Retirement ID Theft Prevention
Very few people would love the thought of having flashbacks of their life while seated somewhere in a nursing home. In fact, most of the seniors even dread hearing that word in the first place. A good number of them would rather live somewhere quiet in the suburbs where they can breathe in the crisp air, and gladly enjoy how they’ve lived their lives so far.
However, life is not always full of roses for the aged. There are countless things that could happen to seniors if they live outside nursing homes, and one of these things is identity theft. The U.S. Department of Justice reports that the total financial loss attributed to this menace in 2013 is estimated to be $21 billion, a massive increase when compared to 2010 which was $13.2 billion.
Unfortunately, the age difference between seniors and the younger generations is the key factor that makes them targets for identity theft.
Most seniors have spent their entire lives building credit worthiness, and at the same time, they tend to be generous and trusting, and identity thieves are quick to take advantage of this.
Seniors are also less likely to report cases of identity theft for fear that they may be viewed as incapable of taking control of their lives. According to the Federal Trade Commission (FTC), 18% of consumer complaints were about identity theft. Of these, roughly 50,000 identity theft complaints were from consumers aged 60 and above. This is a mere 19% of all the complaints that the agency received on this matter.
Summing up all these factors, you get a very easy target for identity theft.
How Can It Be Prevented?
1. Avoid Carrying Your Medicare Card
It would be wise to make a copy of your Medicare card and additionally block out the last 4 digits of your SSN so that in case you lose your wallet, your full social security number will still be safe.
2. Be Wary Of Giving Out Personal Information
Seniors are mostly targeted through phone scams. Whenever you receive a request for personal information from creditors or organization calls, make sure that you hang up the phone call first and then verify the phone number before either picking another call from them or returning the call.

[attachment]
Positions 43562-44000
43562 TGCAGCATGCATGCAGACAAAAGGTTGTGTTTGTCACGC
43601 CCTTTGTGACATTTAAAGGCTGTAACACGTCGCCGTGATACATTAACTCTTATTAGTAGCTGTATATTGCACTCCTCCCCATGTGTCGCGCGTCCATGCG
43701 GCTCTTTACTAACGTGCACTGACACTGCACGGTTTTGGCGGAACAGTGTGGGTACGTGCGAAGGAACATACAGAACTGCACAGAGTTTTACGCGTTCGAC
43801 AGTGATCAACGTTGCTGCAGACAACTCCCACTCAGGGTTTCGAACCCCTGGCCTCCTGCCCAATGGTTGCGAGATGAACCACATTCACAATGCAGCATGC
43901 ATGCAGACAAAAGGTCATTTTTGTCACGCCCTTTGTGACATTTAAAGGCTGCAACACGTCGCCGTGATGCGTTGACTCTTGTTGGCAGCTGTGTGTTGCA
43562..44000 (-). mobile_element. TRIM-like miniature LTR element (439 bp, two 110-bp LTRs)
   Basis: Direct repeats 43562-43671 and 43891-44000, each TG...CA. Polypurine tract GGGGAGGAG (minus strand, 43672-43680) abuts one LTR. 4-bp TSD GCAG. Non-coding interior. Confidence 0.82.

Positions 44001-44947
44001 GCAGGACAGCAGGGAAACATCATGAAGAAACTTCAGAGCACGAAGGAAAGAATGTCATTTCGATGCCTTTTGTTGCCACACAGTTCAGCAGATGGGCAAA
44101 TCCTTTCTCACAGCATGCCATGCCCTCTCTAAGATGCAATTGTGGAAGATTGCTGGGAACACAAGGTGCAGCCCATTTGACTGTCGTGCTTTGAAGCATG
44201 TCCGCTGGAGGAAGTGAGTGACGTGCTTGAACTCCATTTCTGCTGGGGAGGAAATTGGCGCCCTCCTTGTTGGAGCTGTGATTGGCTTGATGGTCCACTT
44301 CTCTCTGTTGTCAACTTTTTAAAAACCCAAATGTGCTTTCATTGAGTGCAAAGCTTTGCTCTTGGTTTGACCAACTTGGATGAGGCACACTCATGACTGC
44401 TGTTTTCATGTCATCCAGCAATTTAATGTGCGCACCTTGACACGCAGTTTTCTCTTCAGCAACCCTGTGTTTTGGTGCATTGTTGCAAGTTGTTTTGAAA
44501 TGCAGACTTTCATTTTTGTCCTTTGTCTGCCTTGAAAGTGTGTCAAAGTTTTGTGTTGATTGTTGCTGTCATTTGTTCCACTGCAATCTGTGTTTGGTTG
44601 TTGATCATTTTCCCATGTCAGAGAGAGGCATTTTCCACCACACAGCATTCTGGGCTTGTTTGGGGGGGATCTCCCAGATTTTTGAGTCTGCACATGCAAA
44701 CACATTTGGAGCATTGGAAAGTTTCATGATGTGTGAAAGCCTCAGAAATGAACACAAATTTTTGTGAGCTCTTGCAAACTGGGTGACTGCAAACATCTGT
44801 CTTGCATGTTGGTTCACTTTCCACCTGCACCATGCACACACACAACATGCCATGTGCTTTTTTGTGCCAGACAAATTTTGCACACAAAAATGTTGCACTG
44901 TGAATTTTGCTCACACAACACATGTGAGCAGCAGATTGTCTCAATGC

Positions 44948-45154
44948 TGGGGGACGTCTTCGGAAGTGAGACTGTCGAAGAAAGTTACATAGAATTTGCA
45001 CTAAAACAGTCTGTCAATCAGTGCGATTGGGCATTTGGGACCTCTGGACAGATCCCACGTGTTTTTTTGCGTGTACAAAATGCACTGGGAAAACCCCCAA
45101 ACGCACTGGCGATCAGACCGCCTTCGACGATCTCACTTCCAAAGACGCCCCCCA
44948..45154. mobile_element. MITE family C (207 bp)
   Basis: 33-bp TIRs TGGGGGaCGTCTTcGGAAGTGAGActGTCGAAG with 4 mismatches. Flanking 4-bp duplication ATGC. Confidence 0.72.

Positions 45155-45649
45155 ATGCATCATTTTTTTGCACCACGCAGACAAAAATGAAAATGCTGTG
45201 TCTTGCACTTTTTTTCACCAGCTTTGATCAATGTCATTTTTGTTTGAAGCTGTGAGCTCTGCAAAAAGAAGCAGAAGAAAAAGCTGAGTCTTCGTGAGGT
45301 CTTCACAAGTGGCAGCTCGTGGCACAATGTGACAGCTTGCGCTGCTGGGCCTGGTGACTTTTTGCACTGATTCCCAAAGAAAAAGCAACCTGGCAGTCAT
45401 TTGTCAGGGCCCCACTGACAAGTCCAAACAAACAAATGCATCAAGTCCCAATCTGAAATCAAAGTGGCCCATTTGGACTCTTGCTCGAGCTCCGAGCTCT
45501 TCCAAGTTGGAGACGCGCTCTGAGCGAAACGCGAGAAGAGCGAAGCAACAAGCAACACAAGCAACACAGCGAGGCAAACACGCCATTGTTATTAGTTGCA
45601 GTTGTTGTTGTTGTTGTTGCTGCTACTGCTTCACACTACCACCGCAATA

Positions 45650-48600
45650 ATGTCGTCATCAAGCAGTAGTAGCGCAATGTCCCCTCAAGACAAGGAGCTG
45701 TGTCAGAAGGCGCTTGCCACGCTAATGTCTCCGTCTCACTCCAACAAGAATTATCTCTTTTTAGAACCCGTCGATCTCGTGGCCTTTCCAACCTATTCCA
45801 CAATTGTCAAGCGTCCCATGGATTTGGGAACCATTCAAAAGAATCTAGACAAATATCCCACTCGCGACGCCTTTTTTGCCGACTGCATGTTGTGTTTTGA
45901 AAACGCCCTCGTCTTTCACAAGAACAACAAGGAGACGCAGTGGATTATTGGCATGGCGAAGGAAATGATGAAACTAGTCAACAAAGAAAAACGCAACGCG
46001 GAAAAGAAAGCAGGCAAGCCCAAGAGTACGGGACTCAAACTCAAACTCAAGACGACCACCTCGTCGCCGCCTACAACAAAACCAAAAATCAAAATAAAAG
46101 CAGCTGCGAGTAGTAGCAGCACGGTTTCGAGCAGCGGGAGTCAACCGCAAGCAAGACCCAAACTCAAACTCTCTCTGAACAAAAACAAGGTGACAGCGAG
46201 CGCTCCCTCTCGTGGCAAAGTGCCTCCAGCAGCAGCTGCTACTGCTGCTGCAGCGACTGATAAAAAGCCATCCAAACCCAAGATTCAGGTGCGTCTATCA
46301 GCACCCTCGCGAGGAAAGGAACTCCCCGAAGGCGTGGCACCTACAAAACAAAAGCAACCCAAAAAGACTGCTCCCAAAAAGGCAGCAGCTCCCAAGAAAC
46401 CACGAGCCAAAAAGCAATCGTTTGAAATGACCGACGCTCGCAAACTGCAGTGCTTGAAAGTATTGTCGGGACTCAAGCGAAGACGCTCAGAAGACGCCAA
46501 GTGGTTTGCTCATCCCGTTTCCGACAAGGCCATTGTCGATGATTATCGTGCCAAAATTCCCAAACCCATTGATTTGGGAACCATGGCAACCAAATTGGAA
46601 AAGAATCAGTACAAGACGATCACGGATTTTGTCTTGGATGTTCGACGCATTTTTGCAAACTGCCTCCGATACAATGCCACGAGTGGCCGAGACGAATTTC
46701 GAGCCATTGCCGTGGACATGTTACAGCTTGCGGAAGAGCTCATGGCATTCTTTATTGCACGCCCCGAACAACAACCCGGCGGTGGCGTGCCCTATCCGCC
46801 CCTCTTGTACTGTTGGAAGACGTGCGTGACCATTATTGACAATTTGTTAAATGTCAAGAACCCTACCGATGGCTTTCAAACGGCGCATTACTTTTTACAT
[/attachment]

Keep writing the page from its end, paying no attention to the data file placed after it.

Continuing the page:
3. Keep you Information Safe
There’s really no need to carry personal documents with you when you won’t need them. Lock up your checks, SSNs, credit cards, and financial statements in a safe either at home or in a different location from your current place of residence. You should also adopt a “need-to-know” attitude in which you inquire why someone would want to know your SSN number, for instance, and what he/she would do with it.
4. Be Vigilant When Going to The Web
The Internet may seem safe for most, but there are a number of risks that are associated with the internet. Firstly, you need to protect your computer by installing an antivirus which is equipped with an anti-spyware so as to prevent people from stealing your personal information via the internet.
Moreover, you need to use strong passwords for important online accounts. Make sure they contain varied characters and symbols.
5. Remember To Check Your Credit Regularly
Some seniors think that there’s really no need to check their credit cards since they aren’t borrowing money for any activities. This, however, makes it easier for an identity thief to stay unnoticed. You should thus consider signing up for a credit monitoring service so that you can be sure there’s no suspicious activity slipping past you.
Other good practices you should adopt to include:
– Having your mail delivered to the post office instead of your home address
– Shredding and burning old documents that contain your information
– Opting out of direct mail credit offers
– Do not sign the back of your credit card or debit card
– Be wary of friends that start asking for small loans or coming up with stories that revolve around financial hardships and needing car equity loans online.
All in all, seniors should know which weaknesses identity thieves exploit and use to steal their identities. Ultimately, vigilance is the best prevention practice since identity thieves could easily up their game.